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  • How do you look at your work?

  • In retrospect, do you see parts of your character that was crying for help or, you know, pulling you in certain directions?

  • The workshop where I learned Minimalism was led by a man named Tom Span, Bauer and Tom's uh, sort of program of teaching.

  • He called dangerous writing.

  • And he said, The point is to write about something that you don't really fully remember, and you don't really fully understand.

  • But it troubles you, and it's something you can't resolve in your life so that in writing about it, you could explore it through a metaphor.

  • Uh, and that way, even if it never sells, then at least you have the kind of benefit of the therapy of having cathartically looked at every aspect of this, this issue again through a metaphor.

  • You've exaggerated it.

  • You've blown it up out of proportion.

  • You've turned it into a gigantic monster, at least on the page.

  • You've resolved it, and you have really exhausted your emotional reaction to it.

  • And so typically, by the time you're done with the story or the book, your reaction is gone and that issue is gone.

  • It is so amazing.

  • It's so much like magic that by the time you're writing about the story about the story, the real issue has vanished from your life.

  • You come out of writing and the thing has gone entirely.

  • It's just fantastic.

  • So even if you didn't find an editor and agent a publisher, you would keep doing this dangerous writing.

  • Do you need that mentor, though, to keep pushing you to go into the darkness and you have to show up and prove your work and have the workshop people come back to you and say, Come on, Chuck, you're not.

  • This is BS.

  • You're not actually going where you need to go?

  • Well, you know, workshop helps.

  • Oh, my gosh, To get that reaction every week, Uh, and to get the just the task validated.

  • Tom always used to say that 99 of what 99% of what any workshop does is just give you license, validate the task of writing because otherwise you're just a person the terrified that you're wasting your time.

  • Mhm and in workshop, mhm.

  • You're able to discuss these issues, but in a craft way is not you know.

  • What am I doing with my life.

  • It's what is the character doing?

  • And what if the character took this action?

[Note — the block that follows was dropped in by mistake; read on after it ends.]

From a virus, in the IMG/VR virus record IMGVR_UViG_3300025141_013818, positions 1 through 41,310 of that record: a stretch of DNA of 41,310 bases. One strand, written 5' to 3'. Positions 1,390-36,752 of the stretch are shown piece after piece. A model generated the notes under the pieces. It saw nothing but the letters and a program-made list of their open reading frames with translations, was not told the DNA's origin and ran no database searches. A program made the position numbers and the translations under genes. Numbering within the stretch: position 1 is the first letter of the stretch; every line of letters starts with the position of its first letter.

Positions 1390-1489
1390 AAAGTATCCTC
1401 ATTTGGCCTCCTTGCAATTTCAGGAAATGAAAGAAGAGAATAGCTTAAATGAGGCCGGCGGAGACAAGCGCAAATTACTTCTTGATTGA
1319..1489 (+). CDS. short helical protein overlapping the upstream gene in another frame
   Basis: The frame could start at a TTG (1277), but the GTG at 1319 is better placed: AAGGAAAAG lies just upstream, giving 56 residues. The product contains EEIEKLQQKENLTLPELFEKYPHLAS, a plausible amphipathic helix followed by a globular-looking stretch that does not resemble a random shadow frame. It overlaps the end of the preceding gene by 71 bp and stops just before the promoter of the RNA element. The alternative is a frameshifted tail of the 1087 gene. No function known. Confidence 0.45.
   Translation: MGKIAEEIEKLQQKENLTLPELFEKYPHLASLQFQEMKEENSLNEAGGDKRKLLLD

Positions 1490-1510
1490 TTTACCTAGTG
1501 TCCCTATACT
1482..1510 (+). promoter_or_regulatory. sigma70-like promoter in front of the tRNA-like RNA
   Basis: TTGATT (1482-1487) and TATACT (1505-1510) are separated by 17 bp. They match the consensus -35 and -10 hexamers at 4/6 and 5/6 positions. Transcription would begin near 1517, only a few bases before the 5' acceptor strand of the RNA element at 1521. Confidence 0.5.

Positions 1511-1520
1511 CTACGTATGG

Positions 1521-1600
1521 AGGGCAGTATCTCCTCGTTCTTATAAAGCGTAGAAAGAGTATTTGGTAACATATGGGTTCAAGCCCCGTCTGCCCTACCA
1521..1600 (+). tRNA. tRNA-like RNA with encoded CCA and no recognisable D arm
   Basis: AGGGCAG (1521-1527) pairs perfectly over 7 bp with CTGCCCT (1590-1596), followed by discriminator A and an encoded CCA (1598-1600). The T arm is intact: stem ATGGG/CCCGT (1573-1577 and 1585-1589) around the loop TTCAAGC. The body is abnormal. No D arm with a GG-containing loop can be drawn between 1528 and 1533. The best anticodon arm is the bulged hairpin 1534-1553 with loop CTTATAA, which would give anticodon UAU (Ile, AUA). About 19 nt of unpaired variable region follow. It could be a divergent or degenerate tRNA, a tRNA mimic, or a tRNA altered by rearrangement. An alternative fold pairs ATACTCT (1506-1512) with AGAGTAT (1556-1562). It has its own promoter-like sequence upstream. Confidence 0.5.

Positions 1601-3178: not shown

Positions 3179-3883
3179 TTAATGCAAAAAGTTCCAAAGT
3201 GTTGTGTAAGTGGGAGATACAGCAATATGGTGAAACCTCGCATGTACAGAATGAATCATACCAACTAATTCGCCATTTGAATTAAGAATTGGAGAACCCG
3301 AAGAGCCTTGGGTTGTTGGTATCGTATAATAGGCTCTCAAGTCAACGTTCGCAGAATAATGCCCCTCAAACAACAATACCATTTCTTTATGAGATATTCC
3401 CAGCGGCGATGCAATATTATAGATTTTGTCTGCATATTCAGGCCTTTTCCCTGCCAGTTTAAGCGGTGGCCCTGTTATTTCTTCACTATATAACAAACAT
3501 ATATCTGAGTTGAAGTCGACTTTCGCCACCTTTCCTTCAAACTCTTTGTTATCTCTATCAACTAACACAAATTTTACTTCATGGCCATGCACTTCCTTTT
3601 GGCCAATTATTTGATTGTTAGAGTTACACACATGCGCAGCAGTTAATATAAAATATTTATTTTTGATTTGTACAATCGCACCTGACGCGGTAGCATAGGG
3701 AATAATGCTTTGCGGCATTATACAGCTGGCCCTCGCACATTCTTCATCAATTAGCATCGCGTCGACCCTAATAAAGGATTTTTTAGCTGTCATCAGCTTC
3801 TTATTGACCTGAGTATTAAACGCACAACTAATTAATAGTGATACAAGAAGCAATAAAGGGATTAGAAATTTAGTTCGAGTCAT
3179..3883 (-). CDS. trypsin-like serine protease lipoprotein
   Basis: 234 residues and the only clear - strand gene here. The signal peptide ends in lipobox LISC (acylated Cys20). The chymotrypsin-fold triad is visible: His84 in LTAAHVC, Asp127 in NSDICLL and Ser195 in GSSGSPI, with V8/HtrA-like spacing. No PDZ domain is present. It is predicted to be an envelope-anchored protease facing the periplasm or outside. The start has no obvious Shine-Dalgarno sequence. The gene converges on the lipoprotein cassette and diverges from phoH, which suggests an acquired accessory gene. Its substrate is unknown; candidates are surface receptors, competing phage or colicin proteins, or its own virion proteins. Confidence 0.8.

• And isn't the character aware of this thing or this element?

  • And what about this?

  • Other element came in So you're talking about it in this kind of hands off detached way, and that's really kind of the only way you could talk about these things that are so frightening to you, so kind of submerged in your subconscious.

  • Interesting.

  • I think therapists do that with kids where they'll have, like, a doll or or, you know, a stuffed animal, and I'll ask him how the stuffed animal feels and they can tell them how the stuffed animal feels.

  • But they don't tell them how they feel.

  • I don't know.

  • It kind of came to my mind.

  • You know, the There's a writer, Steve Almond, and he teaches writing workshops around the country, and he's made the observation that talk therapy, you know, it was very popular and very effective, but it was also very expensive and so it was more or less replaced by pharmaceuticals, and now people are coming back to talk therapy, but they're doing it in the form of writing workshops where it's very cheap.

  • Sometimes it's free and you get to have the benefit of kind of, ah rap group or a therapy group.

  • But you are all doing it under the guise of writing a fiction.

  • That's fascinating, and you have to do the work.

  • You can't just show up and talk, Gonna have to go back and create something and go deeper.

  • Vais a little more accountability There may be, and also you have to do it in such a way that it's engaging.

  • You can't just go on to kind of vomit like you would with a therapist.

  • It has to be, you know, something that engages.

  • That's that's clear that other people can relate to.

  • Wow, my wife while stop my wife.

How do you look at your work?

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HEALING THROUGH WRITING: Why It's Important To Be Part Of A Workshop When Writing - Chuck Palahniuk

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    林宜悉 posted on 2020/11/23
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